How to Set Up Your Net Promoter Score Survey
There are lots of tools to automate your NPS survey (we use AskNicely) so it is sent to the right people at the right time. We wait 60 days after a customer has started paying for our product. This gives our customers enough time to use the product and give meaningful feedback. Remember: you want complete honesty, not a vanity metric. We then check in with another survey every 6 months.
With a little work you can also rig your customer communication tools (we use Intercom) to generate automated responses so you message Promoters, Passives and Detractors with a relevant and timely message. In my experience about 50% of people respond to my automated email asking for more detailed feedback. You can learn how to set up the Intercom Asknice.ly integration here.
The Question Itself:
A lot of people recommend changing the wording of your NPS survey question beyond the classic “How likely is it that you would recommend [brand] to a friend or colleague?” However, in my experience, it seems like customers ignore the actual question text and just think of the 0–10 rating as a way to express general satisfaction. If there’s one thing NPS has done, it’s created a standard feedback mechanism that users complete at a higher rate than traditional satisfaction surveys. So I feel it is better to leave the standard question so users quickly and honestly respond. Rewording the question forces people to read and think. Both things they hate to do.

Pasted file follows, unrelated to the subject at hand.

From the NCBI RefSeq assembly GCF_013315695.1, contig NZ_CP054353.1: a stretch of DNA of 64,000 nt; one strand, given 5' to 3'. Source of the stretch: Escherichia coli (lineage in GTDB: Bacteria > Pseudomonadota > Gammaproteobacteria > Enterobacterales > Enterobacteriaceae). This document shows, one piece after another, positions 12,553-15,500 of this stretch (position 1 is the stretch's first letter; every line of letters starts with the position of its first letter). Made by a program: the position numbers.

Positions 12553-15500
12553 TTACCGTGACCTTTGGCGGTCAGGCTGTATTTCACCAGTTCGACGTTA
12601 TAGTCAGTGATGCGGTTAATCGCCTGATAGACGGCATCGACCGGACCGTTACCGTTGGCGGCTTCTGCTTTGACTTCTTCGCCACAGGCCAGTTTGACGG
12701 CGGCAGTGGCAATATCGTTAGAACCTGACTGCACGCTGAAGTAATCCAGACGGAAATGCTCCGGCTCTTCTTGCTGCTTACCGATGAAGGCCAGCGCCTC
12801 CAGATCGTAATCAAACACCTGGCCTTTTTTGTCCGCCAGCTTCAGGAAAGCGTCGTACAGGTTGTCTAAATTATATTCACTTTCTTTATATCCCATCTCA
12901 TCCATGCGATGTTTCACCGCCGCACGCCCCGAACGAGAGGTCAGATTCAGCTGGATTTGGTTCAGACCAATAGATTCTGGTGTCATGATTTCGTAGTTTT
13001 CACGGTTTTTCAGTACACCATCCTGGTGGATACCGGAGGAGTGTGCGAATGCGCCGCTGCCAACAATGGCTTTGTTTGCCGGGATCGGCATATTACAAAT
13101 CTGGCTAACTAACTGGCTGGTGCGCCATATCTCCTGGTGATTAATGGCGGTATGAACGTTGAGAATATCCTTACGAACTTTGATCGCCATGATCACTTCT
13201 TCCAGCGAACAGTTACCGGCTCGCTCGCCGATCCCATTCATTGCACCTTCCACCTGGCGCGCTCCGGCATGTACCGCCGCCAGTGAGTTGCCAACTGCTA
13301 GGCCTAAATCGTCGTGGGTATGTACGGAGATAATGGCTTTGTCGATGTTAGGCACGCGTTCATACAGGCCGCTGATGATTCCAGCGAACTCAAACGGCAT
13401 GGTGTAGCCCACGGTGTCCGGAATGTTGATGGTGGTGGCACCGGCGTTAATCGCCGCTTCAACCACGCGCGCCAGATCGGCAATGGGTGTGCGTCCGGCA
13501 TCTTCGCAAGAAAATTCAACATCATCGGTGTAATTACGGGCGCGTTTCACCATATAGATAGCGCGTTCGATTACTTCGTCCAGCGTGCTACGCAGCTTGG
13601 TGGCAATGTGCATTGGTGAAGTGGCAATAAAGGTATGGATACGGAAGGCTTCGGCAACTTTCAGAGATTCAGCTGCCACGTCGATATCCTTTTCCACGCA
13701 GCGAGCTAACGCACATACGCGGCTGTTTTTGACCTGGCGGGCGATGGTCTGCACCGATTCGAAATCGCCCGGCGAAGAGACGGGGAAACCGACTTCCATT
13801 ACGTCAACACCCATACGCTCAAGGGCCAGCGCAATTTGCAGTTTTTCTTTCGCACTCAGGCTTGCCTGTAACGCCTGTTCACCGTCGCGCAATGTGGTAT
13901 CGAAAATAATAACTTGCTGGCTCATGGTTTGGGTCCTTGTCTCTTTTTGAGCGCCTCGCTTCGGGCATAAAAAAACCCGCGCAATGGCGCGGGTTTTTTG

Why Companies Should Employ Net Promoter Score Surveys
The classic Net Promoter Score survey is calculated using the answer to the survey question regarding likelihood of recommending your product and a 10-point scale. Many believe this to be the core measurement for customer experience management programs worldwide and it can work if you’re a B2C company with tons of engaged users and a huge sample size.
However, we’re a B2B platform and we simply don’t have the same scale as a consumer app. And we don’t like touting data that we don’t have a high enough sample size to back. As a result, we use the Net Promoter Score survey as a means to collect qualitative feedback and as an early warning system to discover if a user is unhappy.
In the end, we don’t use the actual “score” in Net Promoter Score. However the survey and automated messaging we set up to send and manage NPS turned into a efficient way to illicit quick and honest sentiment from our users on a regular basis. To go back to my journalist analogy, it is the tip-line that points me in the direction of a user that I need to sit down with and interview.
After spending thousands, if not millions per month on PPC advertising, your executive team will want to see how your ad efforts are paying off. Reporting on a regular cadence is an inevitable task for any business measuring ROI for their ad budgets.
The key to creating effective PPC reports is making sure that your reports are informative, digestible, and appropriate for the audience at hand. In this blog post, we’ll go over the five elements of reports that fit all of those criteria.
1. The Results
Start with the highlights. It may seem like a smooth narrative to start with the nitty gritties and build to the big picture, but providing wide lens context from the start is going to make for a much stronger meeting. Your leaders and colleagues all have a lot to do, and while we PPC managers like to nerd out on the little details, beginning a report with every campaign change or specific conversion metric will not be relevant to each person to whom you are presenting.